Why I Write

Front Cover
Penguin Books, 2005 - Language Arts & Disciplines - 119 pages
36 Reviews

Throughout history, some books have changed the world. They have transformed the way we see ourselves—and each other. They have inspired debate, dissent, war and revolution. They have enlightened, outraged, provoked and comforted. They have enriched lives—and destroyed them.

Now, Penguin brings you the works of the great thinkers, pioneers, radicals and visionaries whose ideas shook civilization, and helped make us who we are. Penguin's Great Ideas series features twelve groundbreaking works by some of history's most prodigious thinkers, and each volume is beautifully packaged with a unique type-drive design that highlights the bookmaker's art. Offering great literature in great packages at great prices, this series is ideal for those readers who want to explore and savor the Great Ideas that have shaped the world.

Whether puncturing the lies of politicians, wittily dissecting the English character or telling unpalatable truths about war, Orwell's timeless, uncompromising essays are more relevant, entertaining and essential than ever in today's era of spin.

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Great samples of Orwell's writing. - Goodreads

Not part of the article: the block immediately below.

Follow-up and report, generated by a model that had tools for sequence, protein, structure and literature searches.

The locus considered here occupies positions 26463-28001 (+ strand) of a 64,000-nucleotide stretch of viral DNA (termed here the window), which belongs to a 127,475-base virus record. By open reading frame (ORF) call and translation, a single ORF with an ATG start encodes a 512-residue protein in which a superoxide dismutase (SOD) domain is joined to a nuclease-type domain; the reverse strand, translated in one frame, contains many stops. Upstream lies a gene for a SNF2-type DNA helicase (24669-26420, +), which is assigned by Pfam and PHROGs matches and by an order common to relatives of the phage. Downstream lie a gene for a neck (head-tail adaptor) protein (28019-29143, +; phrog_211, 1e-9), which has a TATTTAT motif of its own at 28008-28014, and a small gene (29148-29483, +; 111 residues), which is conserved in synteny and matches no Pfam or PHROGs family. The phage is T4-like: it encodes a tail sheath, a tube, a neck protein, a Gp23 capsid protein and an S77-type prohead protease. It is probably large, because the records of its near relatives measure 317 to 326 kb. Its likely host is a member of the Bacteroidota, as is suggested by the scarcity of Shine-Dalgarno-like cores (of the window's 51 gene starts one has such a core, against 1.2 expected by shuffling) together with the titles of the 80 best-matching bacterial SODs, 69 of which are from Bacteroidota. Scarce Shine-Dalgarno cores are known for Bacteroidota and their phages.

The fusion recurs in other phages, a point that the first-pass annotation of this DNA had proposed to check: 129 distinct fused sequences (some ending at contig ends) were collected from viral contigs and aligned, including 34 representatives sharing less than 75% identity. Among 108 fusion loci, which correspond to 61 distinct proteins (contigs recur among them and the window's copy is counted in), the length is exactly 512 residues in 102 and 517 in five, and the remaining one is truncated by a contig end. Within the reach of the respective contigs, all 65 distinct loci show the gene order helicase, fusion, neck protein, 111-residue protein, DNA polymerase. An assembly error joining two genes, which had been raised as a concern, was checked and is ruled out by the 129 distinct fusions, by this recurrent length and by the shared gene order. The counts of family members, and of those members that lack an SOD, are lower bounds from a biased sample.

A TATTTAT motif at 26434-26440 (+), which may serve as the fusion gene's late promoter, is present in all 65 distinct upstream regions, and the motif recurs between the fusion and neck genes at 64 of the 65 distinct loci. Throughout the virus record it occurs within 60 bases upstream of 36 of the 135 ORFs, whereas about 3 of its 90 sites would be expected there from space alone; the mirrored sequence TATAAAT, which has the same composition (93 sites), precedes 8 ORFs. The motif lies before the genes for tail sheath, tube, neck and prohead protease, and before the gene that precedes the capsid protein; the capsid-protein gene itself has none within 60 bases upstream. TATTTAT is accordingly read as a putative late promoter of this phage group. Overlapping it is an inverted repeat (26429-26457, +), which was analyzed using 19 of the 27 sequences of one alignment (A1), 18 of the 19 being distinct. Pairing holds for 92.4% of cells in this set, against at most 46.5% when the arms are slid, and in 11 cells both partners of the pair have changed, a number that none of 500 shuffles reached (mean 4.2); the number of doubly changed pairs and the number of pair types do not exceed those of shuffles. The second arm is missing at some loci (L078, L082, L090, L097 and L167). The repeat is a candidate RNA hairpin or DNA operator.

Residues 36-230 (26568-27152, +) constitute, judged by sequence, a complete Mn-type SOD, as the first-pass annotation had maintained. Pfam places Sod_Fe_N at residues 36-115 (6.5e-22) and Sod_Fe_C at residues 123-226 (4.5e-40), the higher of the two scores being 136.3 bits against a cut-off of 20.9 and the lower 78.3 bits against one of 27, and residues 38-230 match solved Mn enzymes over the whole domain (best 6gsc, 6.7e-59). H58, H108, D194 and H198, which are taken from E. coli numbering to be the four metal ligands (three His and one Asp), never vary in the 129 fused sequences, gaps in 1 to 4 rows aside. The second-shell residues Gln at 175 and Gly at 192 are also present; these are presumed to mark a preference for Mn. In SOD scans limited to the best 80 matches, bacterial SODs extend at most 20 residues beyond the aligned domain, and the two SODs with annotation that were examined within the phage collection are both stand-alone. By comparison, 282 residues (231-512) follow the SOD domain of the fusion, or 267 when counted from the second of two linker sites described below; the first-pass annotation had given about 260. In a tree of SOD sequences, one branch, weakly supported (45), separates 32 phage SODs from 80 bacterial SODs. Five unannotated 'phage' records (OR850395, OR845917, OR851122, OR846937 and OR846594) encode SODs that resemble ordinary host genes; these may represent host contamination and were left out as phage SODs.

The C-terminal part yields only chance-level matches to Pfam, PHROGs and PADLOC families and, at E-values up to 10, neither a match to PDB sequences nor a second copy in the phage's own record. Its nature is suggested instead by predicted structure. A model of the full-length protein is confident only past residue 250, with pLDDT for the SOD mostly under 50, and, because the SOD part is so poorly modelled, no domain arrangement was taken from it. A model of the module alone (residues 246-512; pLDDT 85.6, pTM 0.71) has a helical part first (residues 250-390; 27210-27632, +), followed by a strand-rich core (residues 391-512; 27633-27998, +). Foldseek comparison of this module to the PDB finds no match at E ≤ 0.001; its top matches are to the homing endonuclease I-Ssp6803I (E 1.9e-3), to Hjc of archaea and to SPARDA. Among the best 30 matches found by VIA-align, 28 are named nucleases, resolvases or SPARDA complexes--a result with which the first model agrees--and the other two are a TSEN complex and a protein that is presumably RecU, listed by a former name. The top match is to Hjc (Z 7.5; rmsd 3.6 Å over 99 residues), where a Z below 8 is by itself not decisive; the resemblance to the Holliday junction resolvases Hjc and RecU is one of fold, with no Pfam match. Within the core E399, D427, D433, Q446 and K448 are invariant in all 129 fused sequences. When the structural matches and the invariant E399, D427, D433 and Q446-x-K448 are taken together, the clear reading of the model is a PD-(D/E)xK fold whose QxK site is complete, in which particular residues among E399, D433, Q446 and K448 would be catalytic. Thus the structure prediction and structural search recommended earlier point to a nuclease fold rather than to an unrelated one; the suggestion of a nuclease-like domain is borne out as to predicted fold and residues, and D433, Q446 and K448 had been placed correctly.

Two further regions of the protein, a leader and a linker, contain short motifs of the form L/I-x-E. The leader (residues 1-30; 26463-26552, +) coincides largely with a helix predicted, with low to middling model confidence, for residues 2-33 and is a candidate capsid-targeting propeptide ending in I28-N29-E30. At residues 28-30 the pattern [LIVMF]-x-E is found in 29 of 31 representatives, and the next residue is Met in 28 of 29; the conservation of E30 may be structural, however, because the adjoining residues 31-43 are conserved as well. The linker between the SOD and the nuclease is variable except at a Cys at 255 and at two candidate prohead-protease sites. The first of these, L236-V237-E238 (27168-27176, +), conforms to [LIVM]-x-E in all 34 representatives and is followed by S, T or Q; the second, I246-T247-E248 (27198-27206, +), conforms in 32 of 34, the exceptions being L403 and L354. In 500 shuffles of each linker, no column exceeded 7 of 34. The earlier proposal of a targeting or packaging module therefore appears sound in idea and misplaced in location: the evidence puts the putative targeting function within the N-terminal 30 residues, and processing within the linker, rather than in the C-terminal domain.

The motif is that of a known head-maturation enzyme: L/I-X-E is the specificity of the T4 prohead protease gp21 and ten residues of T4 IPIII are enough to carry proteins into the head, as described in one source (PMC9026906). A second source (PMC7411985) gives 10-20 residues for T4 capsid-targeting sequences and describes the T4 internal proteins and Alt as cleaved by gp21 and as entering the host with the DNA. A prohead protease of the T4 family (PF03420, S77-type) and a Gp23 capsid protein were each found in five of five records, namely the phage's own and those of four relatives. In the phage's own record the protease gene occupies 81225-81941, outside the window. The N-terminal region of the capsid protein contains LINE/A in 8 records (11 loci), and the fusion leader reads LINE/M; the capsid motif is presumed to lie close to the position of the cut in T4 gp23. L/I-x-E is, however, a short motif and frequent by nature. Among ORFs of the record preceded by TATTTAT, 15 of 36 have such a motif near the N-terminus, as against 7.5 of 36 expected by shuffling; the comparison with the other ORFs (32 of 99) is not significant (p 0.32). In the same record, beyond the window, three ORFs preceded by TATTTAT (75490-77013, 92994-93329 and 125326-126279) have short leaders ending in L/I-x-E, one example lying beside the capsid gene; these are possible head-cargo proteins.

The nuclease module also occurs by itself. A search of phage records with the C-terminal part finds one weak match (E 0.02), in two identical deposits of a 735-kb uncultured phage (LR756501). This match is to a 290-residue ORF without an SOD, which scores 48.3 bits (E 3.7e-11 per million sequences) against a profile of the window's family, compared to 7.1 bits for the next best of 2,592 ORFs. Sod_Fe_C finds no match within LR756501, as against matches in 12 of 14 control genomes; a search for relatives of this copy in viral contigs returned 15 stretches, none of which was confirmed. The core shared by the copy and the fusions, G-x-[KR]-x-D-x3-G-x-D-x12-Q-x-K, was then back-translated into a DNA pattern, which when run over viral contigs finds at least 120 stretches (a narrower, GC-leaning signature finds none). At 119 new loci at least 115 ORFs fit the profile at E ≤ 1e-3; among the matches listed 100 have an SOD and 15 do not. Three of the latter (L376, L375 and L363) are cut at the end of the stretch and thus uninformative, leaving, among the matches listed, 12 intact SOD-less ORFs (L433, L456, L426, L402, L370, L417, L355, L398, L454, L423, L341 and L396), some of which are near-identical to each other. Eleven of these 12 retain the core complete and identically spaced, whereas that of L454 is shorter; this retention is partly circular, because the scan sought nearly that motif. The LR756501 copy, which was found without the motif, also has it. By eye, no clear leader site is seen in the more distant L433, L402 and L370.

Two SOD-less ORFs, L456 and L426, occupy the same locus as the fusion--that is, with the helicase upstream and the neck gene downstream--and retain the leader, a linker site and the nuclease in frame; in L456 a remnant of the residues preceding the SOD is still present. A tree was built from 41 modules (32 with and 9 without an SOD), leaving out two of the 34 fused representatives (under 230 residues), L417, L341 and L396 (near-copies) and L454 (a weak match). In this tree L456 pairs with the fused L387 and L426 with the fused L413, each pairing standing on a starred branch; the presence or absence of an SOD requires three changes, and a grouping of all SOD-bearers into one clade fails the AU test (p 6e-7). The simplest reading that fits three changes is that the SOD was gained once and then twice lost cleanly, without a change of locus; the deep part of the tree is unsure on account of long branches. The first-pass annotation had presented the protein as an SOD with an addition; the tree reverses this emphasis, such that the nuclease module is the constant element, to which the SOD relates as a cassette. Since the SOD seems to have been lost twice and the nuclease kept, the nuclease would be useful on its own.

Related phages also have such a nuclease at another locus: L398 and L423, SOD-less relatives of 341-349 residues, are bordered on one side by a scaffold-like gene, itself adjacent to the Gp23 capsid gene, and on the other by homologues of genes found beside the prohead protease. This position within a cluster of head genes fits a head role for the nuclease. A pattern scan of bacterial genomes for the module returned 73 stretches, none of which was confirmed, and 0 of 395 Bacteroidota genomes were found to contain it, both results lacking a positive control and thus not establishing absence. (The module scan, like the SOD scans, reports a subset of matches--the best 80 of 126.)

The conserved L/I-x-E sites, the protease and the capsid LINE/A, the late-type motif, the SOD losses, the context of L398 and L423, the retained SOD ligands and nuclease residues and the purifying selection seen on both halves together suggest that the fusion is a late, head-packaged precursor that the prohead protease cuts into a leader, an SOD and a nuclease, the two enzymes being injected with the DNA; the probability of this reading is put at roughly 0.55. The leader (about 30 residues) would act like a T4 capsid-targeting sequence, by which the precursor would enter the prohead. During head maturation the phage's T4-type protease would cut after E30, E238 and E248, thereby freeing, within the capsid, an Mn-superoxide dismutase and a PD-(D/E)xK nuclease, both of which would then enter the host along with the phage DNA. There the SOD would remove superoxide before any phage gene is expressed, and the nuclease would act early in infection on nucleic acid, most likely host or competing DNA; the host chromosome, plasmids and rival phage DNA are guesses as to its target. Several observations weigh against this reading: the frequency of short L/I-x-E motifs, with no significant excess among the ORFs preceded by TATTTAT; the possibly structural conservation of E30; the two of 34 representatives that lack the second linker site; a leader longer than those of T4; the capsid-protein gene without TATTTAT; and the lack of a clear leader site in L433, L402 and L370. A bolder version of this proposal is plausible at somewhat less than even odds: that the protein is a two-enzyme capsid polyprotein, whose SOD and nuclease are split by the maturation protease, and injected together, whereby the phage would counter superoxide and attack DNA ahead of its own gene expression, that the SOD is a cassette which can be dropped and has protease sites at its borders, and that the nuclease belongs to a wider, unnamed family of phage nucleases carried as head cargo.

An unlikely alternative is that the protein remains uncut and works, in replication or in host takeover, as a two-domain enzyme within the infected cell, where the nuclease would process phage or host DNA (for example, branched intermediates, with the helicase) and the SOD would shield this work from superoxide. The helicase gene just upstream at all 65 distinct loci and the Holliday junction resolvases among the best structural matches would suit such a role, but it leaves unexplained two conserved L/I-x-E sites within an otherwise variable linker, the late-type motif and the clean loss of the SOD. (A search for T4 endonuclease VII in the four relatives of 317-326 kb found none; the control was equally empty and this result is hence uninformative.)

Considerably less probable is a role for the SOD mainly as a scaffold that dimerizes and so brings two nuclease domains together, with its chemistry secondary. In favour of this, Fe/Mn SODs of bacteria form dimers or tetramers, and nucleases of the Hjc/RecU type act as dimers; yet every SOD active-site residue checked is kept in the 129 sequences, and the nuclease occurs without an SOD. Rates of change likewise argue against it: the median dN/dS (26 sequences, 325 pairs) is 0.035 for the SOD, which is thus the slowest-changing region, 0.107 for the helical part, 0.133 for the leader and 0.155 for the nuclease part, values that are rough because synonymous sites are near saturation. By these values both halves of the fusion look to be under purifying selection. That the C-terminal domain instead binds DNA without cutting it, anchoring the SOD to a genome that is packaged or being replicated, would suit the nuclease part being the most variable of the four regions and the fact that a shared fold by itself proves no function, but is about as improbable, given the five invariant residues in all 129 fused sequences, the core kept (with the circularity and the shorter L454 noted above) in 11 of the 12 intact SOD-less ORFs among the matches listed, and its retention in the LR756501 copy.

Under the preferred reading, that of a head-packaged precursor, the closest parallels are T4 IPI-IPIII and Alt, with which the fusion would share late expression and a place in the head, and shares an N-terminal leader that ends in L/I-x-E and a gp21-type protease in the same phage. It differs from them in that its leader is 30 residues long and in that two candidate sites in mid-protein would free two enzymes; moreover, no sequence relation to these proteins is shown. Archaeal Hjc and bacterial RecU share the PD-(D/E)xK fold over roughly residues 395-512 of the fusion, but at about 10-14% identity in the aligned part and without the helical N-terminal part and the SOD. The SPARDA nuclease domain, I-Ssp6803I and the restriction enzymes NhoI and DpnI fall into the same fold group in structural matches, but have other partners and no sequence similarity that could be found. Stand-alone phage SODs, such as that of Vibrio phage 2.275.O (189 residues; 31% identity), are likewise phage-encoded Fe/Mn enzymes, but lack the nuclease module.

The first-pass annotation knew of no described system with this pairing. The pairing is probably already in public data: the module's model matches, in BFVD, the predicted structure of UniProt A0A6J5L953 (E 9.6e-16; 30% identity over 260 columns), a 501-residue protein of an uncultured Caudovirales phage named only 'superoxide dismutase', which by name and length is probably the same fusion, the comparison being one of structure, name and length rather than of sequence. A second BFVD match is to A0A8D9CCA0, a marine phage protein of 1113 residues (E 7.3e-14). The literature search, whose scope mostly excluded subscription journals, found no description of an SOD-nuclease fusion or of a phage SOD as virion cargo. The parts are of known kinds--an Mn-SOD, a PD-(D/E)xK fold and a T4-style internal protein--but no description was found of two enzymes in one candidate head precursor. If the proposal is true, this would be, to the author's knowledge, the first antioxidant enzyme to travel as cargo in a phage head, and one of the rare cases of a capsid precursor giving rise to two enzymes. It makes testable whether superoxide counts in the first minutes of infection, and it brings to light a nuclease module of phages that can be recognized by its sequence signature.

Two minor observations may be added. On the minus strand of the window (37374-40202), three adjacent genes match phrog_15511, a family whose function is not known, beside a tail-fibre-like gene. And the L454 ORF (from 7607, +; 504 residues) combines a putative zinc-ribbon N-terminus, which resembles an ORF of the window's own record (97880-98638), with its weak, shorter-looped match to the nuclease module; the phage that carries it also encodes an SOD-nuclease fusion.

Good prose is like a windowpane. - Goodreads
Orwell writes succinctly about writing. - Goodreads
I especially enjoyed his opinions on writing style. - Goodreads
Every writer should read this book. - Goodreads

The title is a bit misleading

User Review  - DHJoe - Fnac

Overall, I enjoyed this book, and especially the first chapter that carries the title ""Why I write"". The rest of the book is more about the author's opinion on the political situation in the U.K. when the manuscript was written. The reader will need some background information to enjoy it. Read full review

Review: Why I Write

User Review  - CG Fewston - Goodreads

Why I Write (2004) by George Orwell (1903-1950) is actually a collection of four short essays: “Why I Write” (1946); “The Lion and the Unicorn” (1940); “A Hanging” (1931); and “Politics of the English ... Read full review

All 19 reviews »

About the author (2005)

George Orwell was born Eric Arthur Blair in 1903 in Motihari in Bengal, India and later studied at Eton for four years. Orwell was an assistant superintendent with the Indian Imperial Police in Burma. He left the position after five years and then moved to Paris, where he wrote his first two books, Burmese Days and Down and Out In Paris. Orwell then moved to Spain to write but decided to join the United Workers Marxist Party Militia. After being decidedly opposed to communism, Orwell served in the British Home Guard and with the Indian Service of the BBC during World War II. He started writing for the Observer and was literary editor for the Tribune. Soon after he published the world-famous book, Animal Farm, which became a huge success for Orwell. It was then towards the end of his life when Orwell wrote Nineteen Eighty-Four. George Orwell died on January 23, 1950 in London.

Bibliographic information